This is as good as it gets in my birth world.
A woman, who had a long list of difficult fascial strain issues, had 20 visits of Gillespie Approach therapy to get clear. She later had a great pregnancy, while giving birth at 41 weeks and four days. She had a 12-hour natural, uneventful labor and delivery with a midwife and doula. I wonder what this experience would have been like without our therapy.
I saw her three-day-old son today. The doctors said he was “healthy,” but mom picked up on some incipient problems. He latched fine, but favored one breast probably because I felt that his neck was tight and he had left TMJ strain.
Orally he was also showing a possible tongue tie. I suggested to mom that we get him strain-free and let her IBCLC do her magic before anyone mentions the “frenectomy” word.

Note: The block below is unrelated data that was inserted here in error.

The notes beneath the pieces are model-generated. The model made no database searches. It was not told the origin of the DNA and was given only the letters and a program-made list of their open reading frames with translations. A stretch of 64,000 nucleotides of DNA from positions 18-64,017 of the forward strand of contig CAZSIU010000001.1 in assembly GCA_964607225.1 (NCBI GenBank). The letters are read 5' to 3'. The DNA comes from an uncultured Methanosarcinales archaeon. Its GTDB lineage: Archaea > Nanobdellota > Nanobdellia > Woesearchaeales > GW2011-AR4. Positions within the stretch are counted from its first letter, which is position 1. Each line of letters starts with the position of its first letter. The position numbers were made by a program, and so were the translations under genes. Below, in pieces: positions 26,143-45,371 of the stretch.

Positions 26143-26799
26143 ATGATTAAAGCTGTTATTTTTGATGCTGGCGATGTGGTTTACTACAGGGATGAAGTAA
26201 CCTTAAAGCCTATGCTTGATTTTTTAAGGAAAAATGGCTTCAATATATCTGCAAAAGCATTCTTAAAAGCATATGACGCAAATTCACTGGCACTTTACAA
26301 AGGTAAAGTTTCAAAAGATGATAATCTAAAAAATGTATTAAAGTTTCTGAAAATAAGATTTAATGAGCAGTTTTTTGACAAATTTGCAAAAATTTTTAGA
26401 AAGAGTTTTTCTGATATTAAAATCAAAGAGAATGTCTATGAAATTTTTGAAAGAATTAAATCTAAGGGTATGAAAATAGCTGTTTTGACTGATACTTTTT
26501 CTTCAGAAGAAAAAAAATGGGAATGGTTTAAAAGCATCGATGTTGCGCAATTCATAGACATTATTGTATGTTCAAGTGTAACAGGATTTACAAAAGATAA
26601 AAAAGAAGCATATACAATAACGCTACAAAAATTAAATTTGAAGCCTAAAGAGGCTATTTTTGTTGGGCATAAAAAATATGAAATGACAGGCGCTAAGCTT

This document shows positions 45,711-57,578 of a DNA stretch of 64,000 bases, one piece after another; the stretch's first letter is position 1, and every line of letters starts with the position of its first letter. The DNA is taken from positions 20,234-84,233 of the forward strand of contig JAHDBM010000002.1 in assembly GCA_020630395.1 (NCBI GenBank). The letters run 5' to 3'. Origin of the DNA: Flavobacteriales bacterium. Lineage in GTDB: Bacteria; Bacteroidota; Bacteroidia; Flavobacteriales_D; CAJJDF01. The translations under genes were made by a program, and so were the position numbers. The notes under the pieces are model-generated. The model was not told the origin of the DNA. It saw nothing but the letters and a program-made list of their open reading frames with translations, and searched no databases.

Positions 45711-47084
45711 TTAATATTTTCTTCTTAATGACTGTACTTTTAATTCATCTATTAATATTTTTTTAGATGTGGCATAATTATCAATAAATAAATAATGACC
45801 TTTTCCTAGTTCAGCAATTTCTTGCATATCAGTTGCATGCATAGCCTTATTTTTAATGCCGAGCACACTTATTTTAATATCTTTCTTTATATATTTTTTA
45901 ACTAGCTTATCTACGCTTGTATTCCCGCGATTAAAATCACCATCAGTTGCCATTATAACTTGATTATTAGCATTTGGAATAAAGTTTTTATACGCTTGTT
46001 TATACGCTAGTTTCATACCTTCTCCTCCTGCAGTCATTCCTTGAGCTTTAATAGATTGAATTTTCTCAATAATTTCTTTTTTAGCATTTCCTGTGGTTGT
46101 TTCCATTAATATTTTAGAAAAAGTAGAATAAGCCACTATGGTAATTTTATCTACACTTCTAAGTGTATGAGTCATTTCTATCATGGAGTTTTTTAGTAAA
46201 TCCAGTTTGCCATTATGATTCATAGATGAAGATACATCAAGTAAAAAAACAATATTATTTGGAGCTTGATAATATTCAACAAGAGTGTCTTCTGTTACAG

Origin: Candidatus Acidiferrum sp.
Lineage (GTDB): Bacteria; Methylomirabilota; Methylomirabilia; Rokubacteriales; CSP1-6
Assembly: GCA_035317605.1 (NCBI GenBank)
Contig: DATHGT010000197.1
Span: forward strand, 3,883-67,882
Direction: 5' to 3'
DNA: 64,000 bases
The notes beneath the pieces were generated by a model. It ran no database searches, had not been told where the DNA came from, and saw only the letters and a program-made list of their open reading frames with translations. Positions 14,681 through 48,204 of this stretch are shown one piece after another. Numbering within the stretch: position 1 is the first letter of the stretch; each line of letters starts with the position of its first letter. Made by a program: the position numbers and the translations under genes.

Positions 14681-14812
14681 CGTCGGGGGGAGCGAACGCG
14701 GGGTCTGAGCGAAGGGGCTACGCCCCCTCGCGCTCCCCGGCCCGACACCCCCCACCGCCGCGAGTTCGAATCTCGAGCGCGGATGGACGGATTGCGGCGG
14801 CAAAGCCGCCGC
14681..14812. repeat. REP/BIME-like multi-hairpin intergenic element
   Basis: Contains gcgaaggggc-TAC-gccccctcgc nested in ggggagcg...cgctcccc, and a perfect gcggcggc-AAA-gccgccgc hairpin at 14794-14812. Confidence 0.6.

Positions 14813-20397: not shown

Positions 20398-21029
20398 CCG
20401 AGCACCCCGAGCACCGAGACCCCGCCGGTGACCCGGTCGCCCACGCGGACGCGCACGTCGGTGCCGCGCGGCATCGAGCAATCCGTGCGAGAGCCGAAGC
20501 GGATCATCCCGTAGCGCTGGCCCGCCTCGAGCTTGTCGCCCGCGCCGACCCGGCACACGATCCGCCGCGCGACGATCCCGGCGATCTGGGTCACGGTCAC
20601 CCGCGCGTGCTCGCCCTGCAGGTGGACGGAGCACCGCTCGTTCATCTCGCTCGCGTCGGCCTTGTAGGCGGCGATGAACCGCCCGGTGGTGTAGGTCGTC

Mom said his lower body was tight and he had some reflux and hiccups. Since the ultrasounds showed that he was in the delivery position for at least 21 weeks, I found this common fetal strain in his low back pulling into his diaphragm.
At this age the strains released easily, probably bypassing the usual 5–8 older infant visit schedule. Newborns need to be treated as close to birth as possible before the strains become more entrenched. I am soon expecting a happy baby and happy mom.
My vision for the world: Mom gets therapy to feel good, she has a great birth experience, and she has a happy baby.
The Gillespie Approach is a massage modality that helps the body release its tight connective or fascial tissue from its physical and emotional traumas. We have a special interest working with newborns, whose untreated fascial strains from birth trauma can result in a lifetime of suffering.